Our good buddy Mike Levine at Pickuptruck.com did the legwork and got in touch with Ford safety spokesperson Dan Jarvis to talk about the video we showed you yesterday that features a 2008 Ford Super Duty pickup spewing flames from its tailpipes. Jarvis confirmed that the truck in the video is one of the three pickups Ford described last week when it issued a recall to address the problem. While not entirely certain which of the trucks it is, Jarvis said it's one of the two trucks that was purchased in Canada, probably the one that was started in extremely cold temperatures (appx. minus 20 to 30 degrees Fahrenheit) and not given sufficient time to warm up before being driven. That situation could make short work of any engine, and the resultant blown bearing seal in the turbo that leaked combustible fluid into the exhaust system should not necessarily be considered a defective part.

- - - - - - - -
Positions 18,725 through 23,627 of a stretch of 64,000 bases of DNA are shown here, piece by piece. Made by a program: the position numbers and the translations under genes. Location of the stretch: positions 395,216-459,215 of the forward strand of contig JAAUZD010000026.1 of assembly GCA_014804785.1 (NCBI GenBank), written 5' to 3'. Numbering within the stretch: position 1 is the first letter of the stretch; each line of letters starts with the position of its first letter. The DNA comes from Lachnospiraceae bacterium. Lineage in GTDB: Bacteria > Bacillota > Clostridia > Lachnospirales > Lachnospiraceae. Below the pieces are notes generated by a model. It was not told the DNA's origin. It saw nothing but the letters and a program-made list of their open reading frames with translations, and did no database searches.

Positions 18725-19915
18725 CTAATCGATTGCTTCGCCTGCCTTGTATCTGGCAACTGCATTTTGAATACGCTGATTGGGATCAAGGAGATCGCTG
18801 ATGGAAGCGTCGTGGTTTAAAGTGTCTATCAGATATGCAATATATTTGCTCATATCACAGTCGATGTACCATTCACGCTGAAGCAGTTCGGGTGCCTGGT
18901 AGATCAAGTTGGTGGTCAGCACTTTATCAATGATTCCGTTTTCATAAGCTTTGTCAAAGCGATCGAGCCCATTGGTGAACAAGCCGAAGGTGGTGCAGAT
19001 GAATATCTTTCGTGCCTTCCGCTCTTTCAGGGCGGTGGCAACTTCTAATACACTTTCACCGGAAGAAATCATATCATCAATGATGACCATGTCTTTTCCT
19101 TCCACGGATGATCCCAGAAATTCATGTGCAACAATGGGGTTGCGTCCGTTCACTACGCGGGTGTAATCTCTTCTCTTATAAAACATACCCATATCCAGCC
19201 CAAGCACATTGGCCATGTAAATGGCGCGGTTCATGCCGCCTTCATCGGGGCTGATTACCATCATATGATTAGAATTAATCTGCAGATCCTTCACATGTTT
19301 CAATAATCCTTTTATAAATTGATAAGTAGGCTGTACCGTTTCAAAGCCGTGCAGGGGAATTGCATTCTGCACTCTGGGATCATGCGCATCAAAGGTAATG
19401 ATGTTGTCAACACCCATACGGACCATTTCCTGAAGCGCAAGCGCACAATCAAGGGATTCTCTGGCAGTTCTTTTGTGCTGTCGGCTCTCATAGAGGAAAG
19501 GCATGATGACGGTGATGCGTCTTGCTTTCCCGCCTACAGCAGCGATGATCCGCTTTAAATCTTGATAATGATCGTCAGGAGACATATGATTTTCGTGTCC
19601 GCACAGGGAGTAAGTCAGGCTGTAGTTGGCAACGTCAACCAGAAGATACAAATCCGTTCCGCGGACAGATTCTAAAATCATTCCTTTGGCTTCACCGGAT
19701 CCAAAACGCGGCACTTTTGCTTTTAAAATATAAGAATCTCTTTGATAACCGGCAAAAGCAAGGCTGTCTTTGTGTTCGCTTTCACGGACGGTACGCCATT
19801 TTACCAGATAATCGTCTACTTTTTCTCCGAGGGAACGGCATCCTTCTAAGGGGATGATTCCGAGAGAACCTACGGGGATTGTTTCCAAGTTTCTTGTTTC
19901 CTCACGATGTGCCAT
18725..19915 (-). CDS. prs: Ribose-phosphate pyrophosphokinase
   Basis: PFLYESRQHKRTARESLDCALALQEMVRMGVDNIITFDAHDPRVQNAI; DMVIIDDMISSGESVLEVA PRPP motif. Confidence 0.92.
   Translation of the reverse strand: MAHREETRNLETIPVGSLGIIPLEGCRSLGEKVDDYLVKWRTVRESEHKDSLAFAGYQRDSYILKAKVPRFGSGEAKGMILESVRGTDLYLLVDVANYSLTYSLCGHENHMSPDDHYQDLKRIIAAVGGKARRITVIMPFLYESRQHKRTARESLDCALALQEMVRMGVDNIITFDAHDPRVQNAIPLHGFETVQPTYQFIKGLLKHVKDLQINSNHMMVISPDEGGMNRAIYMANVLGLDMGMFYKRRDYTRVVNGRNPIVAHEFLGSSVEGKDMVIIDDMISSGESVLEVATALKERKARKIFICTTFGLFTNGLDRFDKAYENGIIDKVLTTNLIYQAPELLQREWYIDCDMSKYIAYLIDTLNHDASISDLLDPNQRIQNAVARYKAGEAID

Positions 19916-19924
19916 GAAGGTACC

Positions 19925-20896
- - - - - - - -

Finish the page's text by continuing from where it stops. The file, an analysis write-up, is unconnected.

Clearly, Ford is very concerned about the reputation of its new 6.4L Power Stroke, which is evident by how quickly it took action with a recall to address three isolated incidents that resulted in the same outcome, i.e. flaming tailpipes. The real issue in each case appears to be this newfangled Diesel Particulate Filter, versions of which are used not only by the Ford Super Duty, but also the Heavy Duty GMT900 and Dodge Ram pickups. Considering that all three heavy duty pickups use a process of regeneration to burn away accumulated particulates in their respective DPFs, the potential for flaming tailpipes exists in all three trucks if an unmetered amount of flammable liquid gets in there somehow. We're certainly not cutting Ford any slack here, but considering it likely sells more heavy duty trucks equipped with diesels than the other two automakers, statistically speaking this was bound to happen to a Ford first. Only time will tell if we're right and other diesel-equipped late-model pickups start getting hot under the collar.